A final point is that some journals are now encouraging or requiring “enhanced abstracts” such as graphical abstracts or video abstracts. Although such abstracts include additional visual components, the same basic guidelines I’ve covered in this post still apply. All good abstracts recapitulate the paper and contain the four key parts listed above.

Writing good abstracts is not an art, but a learned skill. Developing such a skill takes practice. Here is an exercise to help you develop this skill. Pick a scientific article in your field. Read the paper with the abstract covered. Then try to write an abstract based on your reading. Compare your abstract to the author’s. Repeat until you feel confident. If you’ve not yet published a paper, this exercise will help you hone the skills necessary to write a concise and informative abstract.

If you would like to view a presentation that summarizes the points in this post and uses a published abstract to illustrate, see this link.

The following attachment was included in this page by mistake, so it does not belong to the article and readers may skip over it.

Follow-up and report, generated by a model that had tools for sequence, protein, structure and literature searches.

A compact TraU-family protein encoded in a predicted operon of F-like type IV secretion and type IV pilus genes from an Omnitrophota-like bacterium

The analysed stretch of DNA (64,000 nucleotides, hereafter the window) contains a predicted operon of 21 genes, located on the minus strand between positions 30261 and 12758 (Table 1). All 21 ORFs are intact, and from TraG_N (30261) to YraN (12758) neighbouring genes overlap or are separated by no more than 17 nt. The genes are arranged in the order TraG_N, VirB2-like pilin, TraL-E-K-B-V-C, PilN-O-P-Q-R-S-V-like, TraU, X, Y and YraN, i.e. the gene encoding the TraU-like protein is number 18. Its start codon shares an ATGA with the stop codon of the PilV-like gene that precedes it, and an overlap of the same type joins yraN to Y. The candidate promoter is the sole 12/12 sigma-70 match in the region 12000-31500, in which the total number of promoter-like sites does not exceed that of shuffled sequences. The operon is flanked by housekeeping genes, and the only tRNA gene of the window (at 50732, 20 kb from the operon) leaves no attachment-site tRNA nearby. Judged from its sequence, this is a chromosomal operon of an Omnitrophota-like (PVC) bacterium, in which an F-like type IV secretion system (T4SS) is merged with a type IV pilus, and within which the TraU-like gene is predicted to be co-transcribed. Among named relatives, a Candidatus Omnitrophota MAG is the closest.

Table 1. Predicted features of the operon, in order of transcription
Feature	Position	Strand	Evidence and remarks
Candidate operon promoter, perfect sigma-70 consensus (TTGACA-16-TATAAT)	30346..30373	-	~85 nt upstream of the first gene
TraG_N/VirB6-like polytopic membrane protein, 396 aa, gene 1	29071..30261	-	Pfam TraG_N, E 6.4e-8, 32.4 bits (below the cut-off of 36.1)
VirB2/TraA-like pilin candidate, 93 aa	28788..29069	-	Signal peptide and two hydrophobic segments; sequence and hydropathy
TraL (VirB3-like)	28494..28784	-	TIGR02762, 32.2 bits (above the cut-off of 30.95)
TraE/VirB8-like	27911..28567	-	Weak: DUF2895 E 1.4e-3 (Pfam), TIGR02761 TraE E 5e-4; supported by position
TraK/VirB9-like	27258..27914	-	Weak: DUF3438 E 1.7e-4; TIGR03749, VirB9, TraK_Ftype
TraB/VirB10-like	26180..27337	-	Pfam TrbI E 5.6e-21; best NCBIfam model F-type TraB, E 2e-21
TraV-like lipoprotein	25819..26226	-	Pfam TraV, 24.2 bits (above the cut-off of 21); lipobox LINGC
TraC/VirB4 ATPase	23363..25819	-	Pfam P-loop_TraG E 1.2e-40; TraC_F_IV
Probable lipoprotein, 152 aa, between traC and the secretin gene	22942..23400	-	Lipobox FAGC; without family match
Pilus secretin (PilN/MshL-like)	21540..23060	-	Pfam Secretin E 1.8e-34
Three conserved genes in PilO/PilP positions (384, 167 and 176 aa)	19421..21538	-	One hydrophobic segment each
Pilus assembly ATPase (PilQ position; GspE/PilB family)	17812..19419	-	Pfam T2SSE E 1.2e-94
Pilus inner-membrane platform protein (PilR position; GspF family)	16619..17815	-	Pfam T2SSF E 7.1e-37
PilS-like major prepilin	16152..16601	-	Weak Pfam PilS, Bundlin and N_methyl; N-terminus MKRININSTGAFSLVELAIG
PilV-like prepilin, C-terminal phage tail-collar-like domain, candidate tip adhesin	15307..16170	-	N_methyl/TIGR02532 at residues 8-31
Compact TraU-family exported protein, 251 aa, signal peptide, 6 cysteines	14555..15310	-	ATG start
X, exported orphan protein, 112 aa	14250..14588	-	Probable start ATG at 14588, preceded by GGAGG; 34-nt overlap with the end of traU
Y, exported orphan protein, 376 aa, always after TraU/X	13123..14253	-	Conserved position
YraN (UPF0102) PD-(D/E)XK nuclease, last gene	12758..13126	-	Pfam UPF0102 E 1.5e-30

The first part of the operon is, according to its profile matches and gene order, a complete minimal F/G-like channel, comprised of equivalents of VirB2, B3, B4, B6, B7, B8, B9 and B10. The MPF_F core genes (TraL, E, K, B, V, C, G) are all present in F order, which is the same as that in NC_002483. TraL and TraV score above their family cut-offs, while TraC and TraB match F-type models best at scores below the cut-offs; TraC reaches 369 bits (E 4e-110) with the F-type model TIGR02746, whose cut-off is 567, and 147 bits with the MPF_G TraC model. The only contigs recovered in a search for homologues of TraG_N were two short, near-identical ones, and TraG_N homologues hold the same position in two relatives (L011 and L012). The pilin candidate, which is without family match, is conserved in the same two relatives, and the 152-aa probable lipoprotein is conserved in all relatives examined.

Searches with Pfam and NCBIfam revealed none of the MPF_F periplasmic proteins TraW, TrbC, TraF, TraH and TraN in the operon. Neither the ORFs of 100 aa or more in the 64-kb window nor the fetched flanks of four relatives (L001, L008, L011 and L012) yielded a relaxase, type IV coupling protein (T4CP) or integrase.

Image credit: Jacob Ammentorp Lund/Getty Images

About the Author

Karen McKee

Scientist // Dr. Karen L. McKee is a Scientist Emeritus (retired) with the U.S. Geological Survey and an adjunct faculty member in the Department of Oceanography and Coastal Sciences at Louisiana State University. She received both a master’s degree and doctorate in botany and has conducted research in the field of wetland plant ecology for forty years. While working for the U.S. Geological Survey, she studied the effects of climate change, sea-level rise, and hurricanes on wetlands in the Mississippi River Delta (Louisiana, USA) as well as in other wetlands around the world. Her work has been published in over 100 journal articles, book chapters, and technical reports. A strong proponent of science communication, Karen has also produced several peer-reviewed videos that describe her research and why it’s important to society (USGS Multimedia Gallery). She authored the book, The Scientist Videographer, which promotes science communication by teaching scientists and students how to use video to tell their science stories. Karen continues to share her insights and offers tutorials in video-making for scientists on her website and YouTube channel. Website: Twitter: @scivideographer